Aoi et al. Page 239

Inflammation has long been associated with cancer, and angiopoietin-like protein 2 (ANGPTL2) is known to facilitate inflammatory carcinogenesis and metastasis. In a transgenic mouse model, angptl2-associated inflammation was shown to promote production of reactive oxygen species (ROS), significantly accelerate methylation of the DNA mismatch repair enzyme Msh2 promoter, and decrease expression of Msh2 mRNA, resulting in impaired DNA repair mechanisms. Angptl2 accelerates susceptibility to both “preneoplastic change” and “malignant conversion” due to accumulation of oncogenic DNA mutations, activating chronic inflammation and oxidative stress in the premalignant tissue microenvironment. These findings suggest that Angptl2-induced inflammation increases susceptibility to microenvironmental changes, allowing accumulation of oncogenic DNA mutations.

Labbé et al. Page 184

From the multitude of contributing factors implicated in prostate cancer, age and family history rank among the highest. However, despite a number of genetic loci linked to hereditary prostate cancer, no bona fide susceptibility gene has been identified. In the Rapid Impact article for this issue, Labbé and colleagues report on their study of the 20q13 chromosomal region, which had been previously identified as a hereditary prostate cancer susceptibility locus (HPC20) and is now shown in their study to be frequently coamplified with the androgen receptor (AR) in metastatic prostate cancer. High-resolution mapping uncovered AR recruitment hotspots in the 20q13 region. These findings reveal that AR, a primary driver of disease progression, is intimately involved in gene transcription of a known prostate susceptibility locus.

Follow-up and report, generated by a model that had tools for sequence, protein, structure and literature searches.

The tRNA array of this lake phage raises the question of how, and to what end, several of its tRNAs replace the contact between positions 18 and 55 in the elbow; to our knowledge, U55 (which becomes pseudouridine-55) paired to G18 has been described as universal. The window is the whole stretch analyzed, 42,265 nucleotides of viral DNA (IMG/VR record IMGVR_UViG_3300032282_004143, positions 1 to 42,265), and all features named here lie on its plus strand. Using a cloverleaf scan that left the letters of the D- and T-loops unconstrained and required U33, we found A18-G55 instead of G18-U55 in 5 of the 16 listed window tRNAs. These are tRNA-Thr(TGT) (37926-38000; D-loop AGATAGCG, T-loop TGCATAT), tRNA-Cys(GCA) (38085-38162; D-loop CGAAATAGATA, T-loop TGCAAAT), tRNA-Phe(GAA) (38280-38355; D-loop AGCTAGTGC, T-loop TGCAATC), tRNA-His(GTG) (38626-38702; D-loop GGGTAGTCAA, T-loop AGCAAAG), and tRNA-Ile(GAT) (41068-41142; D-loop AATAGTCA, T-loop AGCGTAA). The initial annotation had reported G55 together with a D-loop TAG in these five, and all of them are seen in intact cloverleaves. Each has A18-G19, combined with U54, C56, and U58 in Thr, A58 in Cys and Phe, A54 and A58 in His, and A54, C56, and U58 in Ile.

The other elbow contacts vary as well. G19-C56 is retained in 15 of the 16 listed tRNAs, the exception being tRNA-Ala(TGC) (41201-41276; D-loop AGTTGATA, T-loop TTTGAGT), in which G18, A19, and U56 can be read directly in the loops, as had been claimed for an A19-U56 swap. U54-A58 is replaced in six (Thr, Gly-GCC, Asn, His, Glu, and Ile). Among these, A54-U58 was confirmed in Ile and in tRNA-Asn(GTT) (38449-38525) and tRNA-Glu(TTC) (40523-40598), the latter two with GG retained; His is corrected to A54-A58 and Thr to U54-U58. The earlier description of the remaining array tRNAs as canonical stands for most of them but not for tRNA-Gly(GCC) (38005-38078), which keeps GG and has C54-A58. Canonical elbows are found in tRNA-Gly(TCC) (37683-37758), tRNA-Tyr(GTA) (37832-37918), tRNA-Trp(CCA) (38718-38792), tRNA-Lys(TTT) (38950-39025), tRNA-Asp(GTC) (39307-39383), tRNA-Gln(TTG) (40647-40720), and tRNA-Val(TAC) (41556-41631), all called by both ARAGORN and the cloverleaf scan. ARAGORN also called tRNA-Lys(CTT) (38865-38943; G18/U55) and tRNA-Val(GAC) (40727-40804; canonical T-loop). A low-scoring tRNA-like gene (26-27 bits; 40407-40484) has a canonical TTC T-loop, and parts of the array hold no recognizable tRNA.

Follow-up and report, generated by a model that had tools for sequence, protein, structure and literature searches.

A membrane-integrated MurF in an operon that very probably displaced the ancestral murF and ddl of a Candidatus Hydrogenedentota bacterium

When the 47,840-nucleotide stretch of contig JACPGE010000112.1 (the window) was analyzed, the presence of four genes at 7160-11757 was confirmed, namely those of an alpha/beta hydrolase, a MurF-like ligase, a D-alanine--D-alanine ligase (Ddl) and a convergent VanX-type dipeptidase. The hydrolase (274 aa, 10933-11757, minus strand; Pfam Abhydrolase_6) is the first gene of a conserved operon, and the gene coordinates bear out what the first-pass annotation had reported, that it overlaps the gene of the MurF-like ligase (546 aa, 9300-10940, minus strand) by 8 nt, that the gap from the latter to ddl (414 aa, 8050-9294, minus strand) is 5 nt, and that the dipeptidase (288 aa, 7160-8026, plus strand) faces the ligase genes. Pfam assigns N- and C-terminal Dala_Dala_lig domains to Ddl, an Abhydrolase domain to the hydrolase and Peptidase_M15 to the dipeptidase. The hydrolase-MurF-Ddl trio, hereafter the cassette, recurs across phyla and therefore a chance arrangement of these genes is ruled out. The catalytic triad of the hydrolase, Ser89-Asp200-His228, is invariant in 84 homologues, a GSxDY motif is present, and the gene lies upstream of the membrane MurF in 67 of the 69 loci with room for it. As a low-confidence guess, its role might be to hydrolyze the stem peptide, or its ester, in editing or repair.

Fornari et al. Page 203

The overexpression of miR-221 is a common event in human cancers, with growing evidence supporting its causative role. In this study, Fornari and colleagues identify for the first time the MDM2 oncogene as a direct target of an oncomicroRNA such as miR-221 in cancer tissue. A feed-forward loop sustaining miR-221 aberrant expression was revealed in which miR-221 activates the p53/MDM2 axis by inhibiting MDM2 and, in turn, p53 activation contributes to miR-221 enhanced expression. Moreover, by modulating p53 signaling, miR-221 affects cell-cycle progression and apoptotic response to doxorubicin in hepatocellular carcinoma (HCC)–derived cells, suggesting that miR-221 expression contributes to p53 context-specific response to doxorubicin treatment in HCC.

Srikanth et al. Page 283

Little is known about tumor initiating cells in oligodendrogliomas, impeding investigation of critical signaling pathways that could be exploited by targeted therapies. Srikanth and colleagues demonstrate that cells with stem-like characteristics are capable of propagating human oligodendrogliomas. Canonical bone morphogenetic protein (BMP) signaling is intact in these cells and potently diminishes their stemness by inducing astrocytic differentiation. Further analyses revealed sequestration of oligodendrocyte differentiation factors OLIG1/2 by BMP-induced ID proteins as a plausible mechanism. These findings elucidate the molecular pathways underlying the effects of BMP signaling on oligodendroglioma stem-like cells and suggest BMP activation as a potential cancer stem cell–targeted therapy in these tumors.